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Issues with Renewable Energy and Old Homes

Old homes may have the charm, character and history that newer houses lack, but there’s one area where they typically fall short — energy use. Far from having the latest solar panel tech, many historic homes don’t even have efficient HVAC systems, leaving homeowners with bigger electric bills and carbon footprints. Here are a few upgrades to make old homes more energy efficient. 

Issues with Renewable Energy and Old Homes

Incorporating Renewable Energy

Historic housing protection laws often stand in the way of upgrading old buildings. Therefore, it’s not always possible to install green energy sources — like solar panels or wind turbines — in old homes. However, if regulations allow, there are several ways to incorporate renewable power without sacrificing a home’s integrity or historic character. 

Solar Panels

Solar panels are a popular choice for renewable energy, but historic homeowners may face opposition when trying to incorporate these sources. For example, Washington, D.C. plans to generate 10% of its renewable energy with solar panels by 2032, but the plan faces pushback from historic preservation officials. 

Although the law may preclude their use on historic buildings, some looser regulations allow homeowners to install photovoltaic panels as long as they don’t obscure historic rooflines. For example, placing solar panels on the side of a pitched roof — as long as it doesn’t face the street — is allowed in many cases. In some cases, it may be permissible to install pole-mounted solar arrays on hidden areas of the property. 

Wind Turbines

Wind turbines are noisy, but they can be a great choice for old homes in rural areas. Regulations may prevent homeowners from installing wind turbines that obscure or alter the appearance of a historic building. However, if there is a way to incorporate them in an out-of-the-way location, owners may be allowed to use wind turbines to power their historic homes. 

Geothermal Energy

The International Energy Agency (IEA) aims to help the world meet the net zero emissions goals by 2050, one of which is for geothermal energy power to increase by 13% in per-year gains from 2021 to 2030. 

Although geothermal energy systems require major excavations, it’s possible to incorporate them without changing a home’s outward appearance. The three most common types of underground geothermal systems are horizontal, vertical and pond loops. 

Electric Stoves

Many old houses have gas stoves or heaters. In addition to being bad for the environment, indoor gas systems are detrimental to human health. Upgrading to electric stoves and heaters is an easy way to make older homes more renewable and livable.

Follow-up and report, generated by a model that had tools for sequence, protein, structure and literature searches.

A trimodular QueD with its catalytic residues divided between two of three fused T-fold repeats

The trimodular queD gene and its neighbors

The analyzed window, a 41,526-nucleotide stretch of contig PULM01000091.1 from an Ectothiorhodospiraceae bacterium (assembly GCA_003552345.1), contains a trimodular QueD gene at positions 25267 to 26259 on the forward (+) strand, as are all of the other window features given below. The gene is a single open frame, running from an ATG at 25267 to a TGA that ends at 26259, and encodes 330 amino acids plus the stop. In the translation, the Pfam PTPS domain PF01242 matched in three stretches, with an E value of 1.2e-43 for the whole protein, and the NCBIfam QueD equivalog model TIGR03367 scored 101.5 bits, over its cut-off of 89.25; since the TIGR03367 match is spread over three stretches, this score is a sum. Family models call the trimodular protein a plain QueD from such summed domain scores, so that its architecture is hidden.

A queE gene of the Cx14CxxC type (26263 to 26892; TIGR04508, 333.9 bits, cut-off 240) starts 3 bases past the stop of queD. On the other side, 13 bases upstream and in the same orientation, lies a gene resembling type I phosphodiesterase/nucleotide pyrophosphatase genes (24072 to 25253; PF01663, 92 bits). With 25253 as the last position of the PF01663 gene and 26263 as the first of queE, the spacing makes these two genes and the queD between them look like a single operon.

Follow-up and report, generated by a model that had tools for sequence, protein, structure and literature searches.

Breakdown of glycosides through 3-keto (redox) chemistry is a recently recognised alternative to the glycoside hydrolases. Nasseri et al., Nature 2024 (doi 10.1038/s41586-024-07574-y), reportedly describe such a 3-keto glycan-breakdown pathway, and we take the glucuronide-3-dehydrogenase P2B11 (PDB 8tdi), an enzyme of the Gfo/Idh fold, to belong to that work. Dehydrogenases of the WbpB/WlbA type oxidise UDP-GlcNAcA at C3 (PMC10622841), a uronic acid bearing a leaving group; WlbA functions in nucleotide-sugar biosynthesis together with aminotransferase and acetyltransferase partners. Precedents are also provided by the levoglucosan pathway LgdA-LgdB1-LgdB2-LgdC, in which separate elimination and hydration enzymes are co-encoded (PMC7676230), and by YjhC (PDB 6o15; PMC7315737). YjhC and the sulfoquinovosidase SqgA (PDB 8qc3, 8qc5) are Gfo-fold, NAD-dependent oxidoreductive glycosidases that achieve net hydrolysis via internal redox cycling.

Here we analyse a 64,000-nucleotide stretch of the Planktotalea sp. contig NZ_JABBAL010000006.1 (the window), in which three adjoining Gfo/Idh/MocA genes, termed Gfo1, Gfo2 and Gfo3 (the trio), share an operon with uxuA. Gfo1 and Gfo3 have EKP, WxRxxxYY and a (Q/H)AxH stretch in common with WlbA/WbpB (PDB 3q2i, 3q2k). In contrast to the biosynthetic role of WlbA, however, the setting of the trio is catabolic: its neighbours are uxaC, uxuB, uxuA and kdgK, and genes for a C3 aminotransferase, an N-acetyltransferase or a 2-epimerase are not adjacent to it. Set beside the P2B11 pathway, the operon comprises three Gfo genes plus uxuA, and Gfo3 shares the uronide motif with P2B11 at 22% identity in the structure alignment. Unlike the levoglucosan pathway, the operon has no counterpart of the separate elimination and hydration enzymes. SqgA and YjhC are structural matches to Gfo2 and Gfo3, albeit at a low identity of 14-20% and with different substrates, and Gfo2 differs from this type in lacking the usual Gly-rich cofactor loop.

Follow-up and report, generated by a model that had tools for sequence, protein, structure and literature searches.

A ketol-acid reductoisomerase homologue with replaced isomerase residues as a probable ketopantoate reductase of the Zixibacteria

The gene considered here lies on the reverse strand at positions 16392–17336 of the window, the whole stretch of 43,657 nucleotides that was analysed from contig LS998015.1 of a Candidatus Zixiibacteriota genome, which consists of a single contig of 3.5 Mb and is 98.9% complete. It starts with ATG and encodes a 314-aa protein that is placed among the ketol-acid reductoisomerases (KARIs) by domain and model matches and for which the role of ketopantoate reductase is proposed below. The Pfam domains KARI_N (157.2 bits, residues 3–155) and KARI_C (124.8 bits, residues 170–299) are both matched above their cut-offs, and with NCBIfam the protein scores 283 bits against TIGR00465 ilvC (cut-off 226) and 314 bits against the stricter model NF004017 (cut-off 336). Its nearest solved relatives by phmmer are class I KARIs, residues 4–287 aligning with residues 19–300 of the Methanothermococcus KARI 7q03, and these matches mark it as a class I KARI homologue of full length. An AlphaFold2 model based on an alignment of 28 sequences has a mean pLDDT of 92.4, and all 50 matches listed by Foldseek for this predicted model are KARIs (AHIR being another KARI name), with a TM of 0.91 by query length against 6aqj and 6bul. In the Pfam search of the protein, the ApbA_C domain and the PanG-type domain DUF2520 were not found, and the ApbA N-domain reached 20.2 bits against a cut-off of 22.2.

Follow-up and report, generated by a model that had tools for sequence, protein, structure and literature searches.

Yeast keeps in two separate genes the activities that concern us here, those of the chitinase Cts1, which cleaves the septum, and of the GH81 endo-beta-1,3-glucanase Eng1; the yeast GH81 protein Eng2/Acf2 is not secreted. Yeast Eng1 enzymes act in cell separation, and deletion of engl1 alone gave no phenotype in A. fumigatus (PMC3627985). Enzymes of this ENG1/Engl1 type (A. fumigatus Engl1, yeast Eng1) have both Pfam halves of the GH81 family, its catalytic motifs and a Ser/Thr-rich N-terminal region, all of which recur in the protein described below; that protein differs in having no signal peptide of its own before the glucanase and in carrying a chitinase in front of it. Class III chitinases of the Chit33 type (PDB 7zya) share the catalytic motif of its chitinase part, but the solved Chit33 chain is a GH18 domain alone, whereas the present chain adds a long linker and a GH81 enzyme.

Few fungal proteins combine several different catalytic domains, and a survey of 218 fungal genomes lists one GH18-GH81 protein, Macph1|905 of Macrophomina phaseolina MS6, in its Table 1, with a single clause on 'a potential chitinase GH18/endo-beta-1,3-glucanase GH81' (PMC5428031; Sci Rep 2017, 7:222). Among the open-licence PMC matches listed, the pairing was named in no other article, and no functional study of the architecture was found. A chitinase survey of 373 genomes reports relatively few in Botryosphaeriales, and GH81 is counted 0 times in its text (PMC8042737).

Boosting Energy Efficiency

In addition to adding renewable energy sources, there are several ways homeowners can improve an old home’s efficiency. These techniques pair synergistically with renewable energy use. 

Repair the Basement

A settling basement can lead to increased utility bills in two ways. First, if water raises the basement’s humidity levels, hot air may rise through the floor and spread throughout the rest of the home. That means the air conditioner will have to work harder to decrease the temperature. 

Secondly, basement settlements can open up cracks that let in cold or hot air from the outdoors. Fixing problems with the basement can go a long way toward improving energy efficiency. 

Update Heating and Cooling Systems

Old homes often come equipped with old HVAC systems. Replacing the entire system would ideally offer the most energy efficiency, but that isn’t always possible due to regulations or sheer difficulty. 

Instead, homeowners may be able to install smart thermostats. A smart thermostat carefully regulates the temperature throughout the home depending on the day, time, outdoor temperature and even building occupancy levels. It also doesn’t alter the appearance or structure of the building. 

Install New Windows

Some historic homes have single-pane windows that offer little in the way of insulation. Newer windows may have multiple panes and thicker glass to conserve as much energy as possible. The best part is that they come in multiple styles, so there’s no need to change an old home’s appearance for the sake of energy efficiency. 

Put in Better Insulation

Sealing around windows and doors goes a long way. Additionally, installing thicker insulation in the attic, walls and basement can dramatically improve a home’s energy efficiency. It’s also worth noting that homes built between 1930 and 1950 may contain asbestos-based insulation. Replacing it will improve the safety and livability of the home. 

Improving the Energy Efficiency of Old Homes

Although historic buildings may not come with green energy sources, homeowners can install solar panels, wind turbines or electric stoves if regulations allow. Additionally, there are several ways to boost a home’s overall energy efficiency, including replacing outdated appliances, installing new windows and repairing cracks. It’s possible to bring a home into the 21st century without sacrificing its original charm. 

Baterías con premio en la gran feria europea del almacenamiento de energía
El jurado de la feria ees (la gran feria europea de las baterías y los sistemas acumuladores de energía) ya ha seleccionado los productos y soluciones innovadoras que aspiran, como finalistas, al gran premio ees 2021. Independientemente de cuál o cuáles sean las candidaturas ganadoras, la sola inclusión en este exquisito grupo VIP constituye todo un éxito para las empresas. A continuación, los diez finalistas 2021 de los ees Award (ees es una de las cuatro ferias que integran el gran evento anual europeo del sector de la energía, The smarter E).